Horne's sold a variety of meals, including the "Circus Burger" which was a hamburger with coleslaw.[29] Another popular item was the fried chicken.[30] Horne's also served charbroiled hamburgers, steak, home-baked pecan pies, and breakfast all day long. The candies sold included pecan rolls, pralines, forty-two varieties of kettle fresh candies, and chocolates.[31]


"Your Highway Host for Food and Candies"
"Your High Host for One Stop Service"
"Look for the Yellow Roof"[2]
"The Happy Stop Along the Highway"


  1. ^ a b Hingley, Audrey (2005). "Down Home in Port Royal". Cooperative Living. Archived from the original on 30 June 2012. Retrieved 22 September 2012.
  2. ^ a b c "Horne's: Look for the Yellow Roof". Highway Host. Retrieved 22 September 2012.
  3. ^ Davis, Ennis (16 September 2010). "Rural Jacksonville: Bayard". Metro Jacksonville. Retrieved 22 September 2012.
  4. ^ Mason, Jim (10 January 2010). "RAPPAHANNOCK RIVER PORT DEVELOPED AROUND TOBACCO AND RACEHORSES". The Free Lance–Star. Retrieved 23 September 2012.
  5. ^ "Soutside Jacksonville". TFDOTR. 17 November 2007. Archived from the original on 24 August 2011. Retrieved 22 September 2012.
  6. ^ "Horne's". Archived from the original on April 19, 2005. Retrieved 22 September 2012.
  7. ^ ". C. STANTON, trading and doing business as Stanton Oil Company, Appellant, v. The TEXAS COMPANY, Appellee". 18 November 1957. Retrieved 24 September 2012.
  8. ^ "50 Years Ago This Week". Jacksonvillle Daily Record. 18 January 2010. Retrieved 24 September 2012.
  9. ^ a b Horne's enterprises posts gains by feeding the hungry traveler. (1963, Feb 04). Barron's National Business and Financial Weekly (1942-Current File), pp. 24-24. Retrieved from http://search.proquest.com/docview/350535285
  10. ^ Jackle, John (1999). Fast Food: Roadside Restaurants in the Automobile Age (The Road and American Culture). The Johns Hopkins University Press. ISBN 978-0801861093.
  11. ^ a b c "Powder Horn Mountain". High Country Magazine. 5: 41. July 2010.
  12. ^ Greyhound to acquire horne's enterprises. (1963, Dec 30). Barron's National Business and Financial Weekly (1942-Current File), pp. 17-17. Retrieved from http://search.proquest.com/docview/350680412
  13. ^ "The Greyhound Corporation". Lehman Brothers Collection. Retrieved 22 September 2012.
  14. ^ "Greyhound Plans to Buy Horne's Candy Chain." The Washington Post, Times Herald (1959-1973): 6. Dec 29 1963. ProQuest Historical Newspapers: The Washington Post (1877-1995). Web. 24 Sep. 2012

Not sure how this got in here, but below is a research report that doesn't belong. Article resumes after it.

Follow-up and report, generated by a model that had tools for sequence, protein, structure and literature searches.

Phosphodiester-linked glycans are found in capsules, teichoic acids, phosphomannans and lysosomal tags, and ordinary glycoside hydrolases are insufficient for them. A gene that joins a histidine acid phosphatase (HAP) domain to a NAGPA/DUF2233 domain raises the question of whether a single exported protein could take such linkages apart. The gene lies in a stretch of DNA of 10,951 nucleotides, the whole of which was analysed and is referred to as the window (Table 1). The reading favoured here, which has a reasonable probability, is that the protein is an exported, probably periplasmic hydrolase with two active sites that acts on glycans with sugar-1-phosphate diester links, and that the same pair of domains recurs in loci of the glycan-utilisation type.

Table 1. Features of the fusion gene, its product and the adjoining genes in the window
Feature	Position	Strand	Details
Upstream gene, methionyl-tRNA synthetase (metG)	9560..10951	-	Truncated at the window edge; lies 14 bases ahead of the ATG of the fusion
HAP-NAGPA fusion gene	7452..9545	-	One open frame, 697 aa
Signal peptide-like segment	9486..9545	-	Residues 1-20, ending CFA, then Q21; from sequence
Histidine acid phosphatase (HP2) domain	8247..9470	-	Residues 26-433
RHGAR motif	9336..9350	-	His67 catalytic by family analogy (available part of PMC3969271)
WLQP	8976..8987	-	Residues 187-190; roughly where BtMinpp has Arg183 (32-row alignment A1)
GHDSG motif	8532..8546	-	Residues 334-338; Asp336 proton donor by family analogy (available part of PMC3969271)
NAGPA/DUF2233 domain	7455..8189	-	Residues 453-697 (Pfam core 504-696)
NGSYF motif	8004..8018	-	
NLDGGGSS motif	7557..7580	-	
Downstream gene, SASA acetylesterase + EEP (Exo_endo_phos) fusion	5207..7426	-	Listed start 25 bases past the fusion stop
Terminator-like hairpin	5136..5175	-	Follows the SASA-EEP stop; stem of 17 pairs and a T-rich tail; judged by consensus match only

15. ^ "John W. Teets". Onondaga County Masonic District. Retrieved 22 September 2012.
  16. ^ News and views of investments. (1965, May 24). Barron's National Business and Financial Weekly (1942-Current File), pp. 24-24. Retrieved from http://search.proquest.com/docview/350758937
  17. ^ Fuller, Ernest. "Greyhound Owns Many Hats." Chicago Tribune (1963-Current file): 5. Feb 01 1965. ProQuest Historical Newspapers: Chicago Tribune (1849-1988). Web. 24 Sep. 2012.
  18. ^ "02/23/73 SCOTT-DOUGLAS CORPORATION v. GREYHOUND". Find a Case. 23 February 1973. Retrieved 22 September 2012.
  19. ^ Richard,Elliott J.,,Jr. "Home to Roost." Barron's National Business and Financial Weekly (1942-Current file): 5. Sep 22 1969. ABI/INFORM Complete. Web. 24 Sep. 2012 .
  20. ^ Keister, Douglas Carlyle; Wilson, Ralph David (1971). Selected readings for an introduction to hotel and restaurant management.
  21. ^ Samoraj, Sarah (21 November 2007). "Village still chock full of antiques". The Florida Times Union. Retrieved 22 September 2012.
  22. ^ "Horne's in Ontario". Highway Post. 21 November 2007. Retrieved 22 September 2012.
  23. ^ Hollis, Tim (1999). Dixie Before Disney: 100 Years of Roadside Fun. University Press of Mississippi. ISBN 978-1578061181.
  24. ^ "Key Energy Enterprises Acquires Horne's". Miami Herald. 29 April 1980. Retrieved 24 September 2012.
  25. ^ "Highlands County, Florida Official Records". Highlands County, Florida Official Records Search - Verified Through Thursday, Sep 20, 2012v4.2.0.26. 20 January 1982. Archived from the original on 3 March 2016. Retrieved 23 September 2012.
  26. ^ "Horne's Motor Lodge Restaurant". Legal Force. Retrieved 22 September 2012.
  27. ^ "Horne's Restaurant and Gift Shop". Horne's. Archived from the original on 25 August 2012. Retrieved 22 September 2012.
  28. ^ Bridges, Traci (2013-07-03). "Horne's Country Buffet closes its doors". SCNow. Retrieved 21 December 2014.
  29. ^ Soudek, Lev. (February 1968). Further Members of the "Burger" Family. American Speech , Vol. 43, No. 1, pp. 74-76. Duke University Press.
  30. ^ Dwight, Dana. "Woman has Worked More than 25 Years at Horne's Restaurant." McClatchy - Tribune Business News: n/a. Apr 16 2008. ABI/INFORM Complete. Web. 24 Sep. 2012.
  31. ^ "Horne's Motor Lodge and Restaurant Ad". The Palm Beach Post. 28 December 1963. Retrieved 24 September 2012.